Make sure that everything is in order at this point. As construction progresses, the servos and their linkages become inaccessible.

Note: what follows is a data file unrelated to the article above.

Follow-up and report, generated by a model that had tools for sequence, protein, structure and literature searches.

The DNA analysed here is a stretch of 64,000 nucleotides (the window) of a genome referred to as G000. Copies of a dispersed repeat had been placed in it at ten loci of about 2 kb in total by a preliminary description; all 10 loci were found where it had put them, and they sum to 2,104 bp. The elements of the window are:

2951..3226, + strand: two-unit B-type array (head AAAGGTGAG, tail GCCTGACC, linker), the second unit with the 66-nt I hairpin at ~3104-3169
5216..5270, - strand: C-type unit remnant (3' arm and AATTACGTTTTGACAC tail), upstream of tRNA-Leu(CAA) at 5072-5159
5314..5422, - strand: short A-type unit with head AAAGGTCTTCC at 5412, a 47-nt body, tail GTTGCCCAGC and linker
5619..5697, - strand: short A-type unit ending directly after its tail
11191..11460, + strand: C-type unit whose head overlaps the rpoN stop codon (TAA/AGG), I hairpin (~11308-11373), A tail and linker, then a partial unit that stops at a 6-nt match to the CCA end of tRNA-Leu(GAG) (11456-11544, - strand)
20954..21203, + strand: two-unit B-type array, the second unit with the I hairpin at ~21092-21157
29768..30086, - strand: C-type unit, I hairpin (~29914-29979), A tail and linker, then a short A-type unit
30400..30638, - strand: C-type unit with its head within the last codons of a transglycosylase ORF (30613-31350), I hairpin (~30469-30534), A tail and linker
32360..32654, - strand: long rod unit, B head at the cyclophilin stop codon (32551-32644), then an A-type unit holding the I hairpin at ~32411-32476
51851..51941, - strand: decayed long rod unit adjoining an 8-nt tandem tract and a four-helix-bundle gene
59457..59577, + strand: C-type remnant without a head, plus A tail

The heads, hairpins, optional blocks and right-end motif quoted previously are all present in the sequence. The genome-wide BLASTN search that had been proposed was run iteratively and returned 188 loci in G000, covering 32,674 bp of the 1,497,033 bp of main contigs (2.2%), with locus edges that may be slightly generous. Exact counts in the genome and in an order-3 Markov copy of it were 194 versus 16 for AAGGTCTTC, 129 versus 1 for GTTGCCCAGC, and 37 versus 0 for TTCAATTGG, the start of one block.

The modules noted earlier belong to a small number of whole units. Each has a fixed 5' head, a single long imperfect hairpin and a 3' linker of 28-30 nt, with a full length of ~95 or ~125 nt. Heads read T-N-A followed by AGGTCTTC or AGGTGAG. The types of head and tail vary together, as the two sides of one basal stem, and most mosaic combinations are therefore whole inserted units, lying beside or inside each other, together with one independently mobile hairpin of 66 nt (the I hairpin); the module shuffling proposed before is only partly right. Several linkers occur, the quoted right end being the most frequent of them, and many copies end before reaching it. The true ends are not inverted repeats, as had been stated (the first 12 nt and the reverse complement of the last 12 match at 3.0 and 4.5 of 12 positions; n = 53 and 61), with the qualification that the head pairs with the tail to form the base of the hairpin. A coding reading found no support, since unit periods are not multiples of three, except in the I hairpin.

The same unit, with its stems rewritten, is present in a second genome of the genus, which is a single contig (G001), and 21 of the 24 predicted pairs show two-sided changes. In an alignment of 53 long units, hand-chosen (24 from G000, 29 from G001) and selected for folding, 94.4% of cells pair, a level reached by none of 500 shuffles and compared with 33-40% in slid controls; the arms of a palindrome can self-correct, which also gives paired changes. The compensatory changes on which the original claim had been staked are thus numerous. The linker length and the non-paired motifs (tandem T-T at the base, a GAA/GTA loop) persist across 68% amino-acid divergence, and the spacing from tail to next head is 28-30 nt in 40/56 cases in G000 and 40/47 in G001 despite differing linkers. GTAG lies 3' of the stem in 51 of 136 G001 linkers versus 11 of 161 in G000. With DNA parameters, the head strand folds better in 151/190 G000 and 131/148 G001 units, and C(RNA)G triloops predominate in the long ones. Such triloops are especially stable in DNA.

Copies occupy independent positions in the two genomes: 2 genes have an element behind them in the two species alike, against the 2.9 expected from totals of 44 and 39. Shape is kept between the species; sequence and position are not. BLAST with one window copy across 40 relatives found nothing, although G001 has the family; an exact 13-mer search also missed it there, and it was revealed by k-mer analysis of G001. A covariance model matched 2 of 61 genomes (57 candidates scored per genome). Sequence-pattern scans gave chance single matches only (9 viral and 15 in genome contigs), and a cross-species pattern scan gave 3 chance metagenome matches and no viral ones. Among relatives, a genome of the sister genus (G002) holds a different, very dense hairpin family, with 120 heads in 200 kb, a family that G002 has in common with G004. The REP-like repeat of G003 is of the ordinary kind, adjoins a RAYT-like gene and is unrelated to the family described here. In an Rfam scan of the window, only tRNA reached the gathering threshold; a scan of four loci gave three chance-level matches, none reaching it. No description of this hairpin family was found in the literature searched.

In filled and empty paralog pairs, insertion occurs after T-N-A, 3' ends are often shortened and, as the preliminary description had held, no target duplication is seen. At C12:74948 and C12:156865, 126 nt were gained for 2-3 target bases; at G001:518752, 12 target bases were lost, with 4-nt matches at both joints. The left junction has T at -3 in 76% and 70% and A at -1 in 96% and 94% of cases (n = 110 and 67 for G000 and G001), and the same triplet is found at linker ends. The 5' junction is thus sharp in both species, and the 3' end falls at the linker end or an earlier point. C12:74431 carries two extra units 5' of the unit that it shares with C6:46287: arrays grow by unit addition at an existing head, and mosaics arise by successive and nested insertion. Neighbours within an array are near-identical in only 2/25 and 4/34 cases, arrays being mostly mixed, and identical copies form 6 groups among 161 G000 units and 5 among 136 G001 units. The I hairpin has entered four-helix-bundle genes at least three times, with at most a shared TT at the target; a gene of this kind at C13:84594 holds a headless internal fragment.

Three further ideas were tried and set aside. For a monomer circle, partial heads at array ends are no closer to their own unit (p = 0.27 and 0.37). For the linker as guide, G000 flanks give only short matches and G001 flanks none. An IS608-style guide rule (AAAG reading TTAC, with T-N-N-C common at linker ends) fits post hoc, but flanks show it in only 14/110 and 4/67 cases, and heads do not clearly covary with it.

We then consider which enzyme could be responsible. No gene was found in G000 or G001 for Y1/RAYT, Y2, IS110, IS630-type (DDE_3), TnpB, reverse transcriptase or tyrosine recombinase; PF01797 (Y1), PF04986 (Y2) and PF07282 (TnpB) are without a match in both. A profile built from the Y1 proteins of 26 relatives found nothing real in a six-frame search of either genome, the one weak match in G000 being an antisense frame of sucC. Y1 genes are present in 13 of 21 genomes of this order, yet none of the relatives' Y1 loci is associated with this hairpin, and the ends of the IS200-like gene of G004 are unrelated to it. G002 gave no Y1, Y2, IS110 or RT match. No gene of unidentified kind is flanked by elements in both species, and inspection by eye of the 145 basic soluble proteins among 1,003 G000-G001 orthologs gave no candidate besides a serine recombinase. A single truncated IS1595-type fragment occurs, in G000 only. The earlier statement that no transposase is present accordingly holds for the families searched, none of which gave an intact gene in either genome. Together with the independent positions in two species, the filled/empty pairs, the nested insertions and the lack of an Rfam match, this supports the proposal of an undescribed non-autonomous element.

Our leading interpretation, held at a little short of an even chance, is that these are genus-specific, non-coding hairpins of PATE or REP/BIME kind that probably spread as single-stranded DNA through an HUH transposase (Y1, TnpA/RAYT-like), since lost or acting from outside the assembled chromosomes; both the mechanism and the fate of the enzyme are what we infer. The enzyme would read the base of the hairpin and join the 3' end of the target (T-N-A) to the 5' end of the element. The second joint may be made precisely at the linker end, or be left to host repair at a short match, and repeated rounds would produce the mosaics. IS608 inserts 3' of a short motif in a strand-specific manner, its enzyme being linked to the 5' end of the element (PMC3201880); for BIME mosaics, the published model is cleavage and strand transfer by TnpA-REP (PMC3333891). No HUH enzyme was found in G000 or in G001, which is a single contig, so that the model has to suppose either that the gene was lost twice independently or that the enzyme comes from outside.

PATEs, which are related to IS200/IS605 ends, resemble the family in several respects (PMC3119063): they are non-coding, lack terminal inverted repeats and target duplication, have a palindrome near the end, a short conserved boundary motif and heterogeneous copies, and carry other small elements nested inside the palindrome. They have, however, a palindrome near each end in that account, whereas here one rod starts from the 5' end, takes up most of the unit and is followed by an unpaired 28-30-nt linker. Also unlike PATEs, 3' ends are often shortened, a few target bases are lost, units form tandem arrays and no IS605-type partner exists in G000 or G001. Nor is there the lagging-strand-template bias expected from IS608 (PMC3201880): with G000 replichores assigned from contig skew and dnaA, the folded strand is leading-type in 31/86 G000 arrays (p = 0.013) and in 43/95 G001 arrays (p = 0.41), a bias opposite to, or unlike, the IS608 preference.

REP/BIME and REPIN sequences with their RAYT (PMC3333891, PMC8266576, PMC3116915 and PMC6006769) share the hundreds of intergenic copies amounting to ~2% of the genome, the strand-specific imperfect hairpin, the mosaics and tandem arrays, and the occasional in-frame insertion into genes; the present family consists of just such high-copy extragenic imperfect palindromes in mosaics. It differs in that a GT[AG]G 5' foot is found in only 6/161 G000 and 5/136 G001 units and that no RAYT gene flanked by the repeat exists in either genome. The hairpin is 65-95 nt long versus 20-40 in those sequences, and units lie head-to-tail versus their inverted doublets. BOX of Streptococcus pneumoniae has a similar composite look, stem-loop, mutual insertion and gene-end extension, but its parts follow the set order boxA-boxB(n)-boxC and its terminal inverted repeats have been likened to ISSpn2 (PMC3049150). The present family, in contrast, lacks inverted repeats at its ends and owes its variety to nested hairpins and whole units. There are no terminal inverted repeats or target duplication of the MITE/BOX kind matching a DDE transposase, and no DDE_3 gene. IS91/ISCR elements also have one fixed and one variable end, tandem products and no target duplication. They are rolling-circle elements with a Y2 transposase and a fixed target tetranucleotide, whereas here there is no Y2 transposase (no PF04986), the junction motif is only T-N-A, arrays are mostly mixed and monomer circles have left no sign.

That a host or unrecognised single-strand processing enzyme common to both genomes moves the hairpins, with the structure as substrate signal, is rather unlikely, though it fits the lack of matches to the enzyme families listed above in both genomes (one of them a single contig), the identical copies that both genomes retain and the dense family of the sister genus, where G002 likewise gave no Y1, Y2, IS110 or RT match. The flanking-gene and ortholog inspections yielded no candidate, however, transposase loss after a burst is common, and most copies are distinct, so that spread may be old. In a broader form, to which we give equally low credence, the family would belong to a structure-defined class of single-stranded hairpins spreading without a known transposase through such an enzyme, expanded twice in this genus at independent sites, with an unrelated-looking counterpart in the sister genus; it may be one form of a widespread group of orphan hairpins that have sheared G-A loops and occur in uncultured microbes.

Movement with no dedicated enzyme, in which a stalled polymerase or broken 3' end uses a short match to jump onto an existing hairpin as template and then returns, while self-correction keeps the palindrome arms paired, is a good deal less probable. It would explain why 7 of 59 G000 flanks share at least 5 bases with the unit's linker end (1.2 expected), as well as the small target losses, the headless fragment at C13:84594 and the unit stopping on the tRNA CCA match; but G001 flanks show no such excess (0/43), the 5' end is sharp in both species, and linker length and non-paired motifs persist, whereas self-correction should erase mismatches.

Throughout the build, options are given to lessen the all-up weight of the model. These are presented early in the preparation of the bulkheads/formers with the choice to remove the core of the formers. The fuselage is built over a flat crutch, first adding the bulkheads then the sheet sides. I found it necessary to lightly swipe some sandpaper through the slots in the fuselage sides to allow the adjoining pieces to easily slide into place. Again, the builder must remember that this airplane is built from thin balsa sheets and if things are forced together, you will hear a horrible cracking sound. A nice surprise was that all of the underside sheeting for the fuselage is laser cut to shape and size making that procedure a snap. The rudder and elevator servos are mounted directly below the fully sheeted wing-mounting pylon. Because of this, they are inaccessible when the fuselage is complete, so it is important to make doubly sure that they function correctly, have a securing screw in the servo arm, and the pushrods are secure. When it is completely assembled, the fuselage is remarkably stout considering how frail the individual components are. One of the final steps in fuselage construction is installing the laser-cut Delrin wing strut anchors. These one-piece, carry-through strut anchors are a nice, strong solution to what would otherwise be a hassle to construct. The fin, which is an integral part of the fuselage, adds yet another nice touch, relieving a builder of the chore of hinge slotting. The fin is made up of a three-layer lamination, the middle of which is relieved for the hinges. When assembled, a perfect hinge pocket is created. The horizontal stabilizer, elevator, and rudder are absolutely straightforward in their construction. These parts are made even easier because every piece that is anything more than a simple bit of strip stock is laser cut to shape. I appreciate the stabilizer and elevators being built as a single unit. The elevator’s hinge line is laser marked rather than cut. When the assembly is complete, the elevators are cut free at the marked line. The rudder utilizes the same lamination method as the fin in creating a perfect hinge pocket. Cutting hinge slots is one of my least favorite building chores, so with the fin/rudder done for me, I chose to sew my elevator hinges. Many might see this as an even more labor-intensive process, but for me, it’s the easiest way to the freest-acting hinge available. As previously mentioned, the wing has scale rib spacing, which means that there are 46 laser-cut ribs. This should not intimidate a builder of any skill level. The accuracy of the laser cutting makes it all fall together in good order. Another of my least favorite building chores is making accurate shear webbing. Thank you Retro RC for providing laser-cut shear webs. The ribs around the lift strut attachment fixtures, and possibly the fixtures themselves, could be somewhat confusing. If a builder reads the written instructions and pays attention to the clear photos in the manual while referencing the plans, it’s plain to see. Concerning the wing strut attachment fixtures, I suggest finish-sanding the bottom of the wing before epoxying them in place. The method used for clamping the upper leading edge (LE) sheeting while the glue sets, and obtaining the necessary washout in the wingtips, is one I’ve never used before. Sections of 1-inch aluminum angle are used to trap the LEs and trailing edges (TEs). The two aluminum angles are simply rubber banded together, pinching the wing chordwise and applying even pressure all along the upper LE sheeting. The tip end of the TE aluminum angle is blocked up while the glue sets to lock in the washout. All that remains for wing construction is to install the wing joiner tubes in the laser-cut holes followed by sheeting the center section. Now the entire airframe can be given a final sanding in preparation for covering. With the exception of the spine, I chose to cover the fuselage and tail surfaces with Japanese tissue. For the spine, I used Polyspan adhered at the edges with SIG-MENT adhesive. Polyspan has an amazing ability to follow compound curves, shrink wrinkle free, and make it appear as though I know what I’m doing! The tissue was applied with Sig clear butyrate dope thinned 50/50, and sealed with two brushed coats of the same. The wings were covered with Polyspan adhered with Deluxe Products Cover Grip. Be sure to run the Polyspan’s grain in the spanwise direction. The wing also received two coats of thinned dope. After this step, the finishing process took a turn for the worse. There were no problems encountered with any of the products used—just the manner in which they were incorrectly applied. An airbrush is a wonderful tool when used correctly. Unfortunately, I’ve yet to learn how to use one in such a manner. My paint of choice was Tamiya acrylic thinned with alcohol. This fantastic paint is available in more colors than I ever knew existed and it cleans up with water. I chose a brown/green camouflage scheme for the upper surfaces, with, yellow on the underside. My ineptitude with the airbrush left me with a model that should only be viewed through welding goggles, but if we don’t try these things, we’ll never acquire new skills. After the flying portion of this review is completed, the airplane will be stripped and re-covered.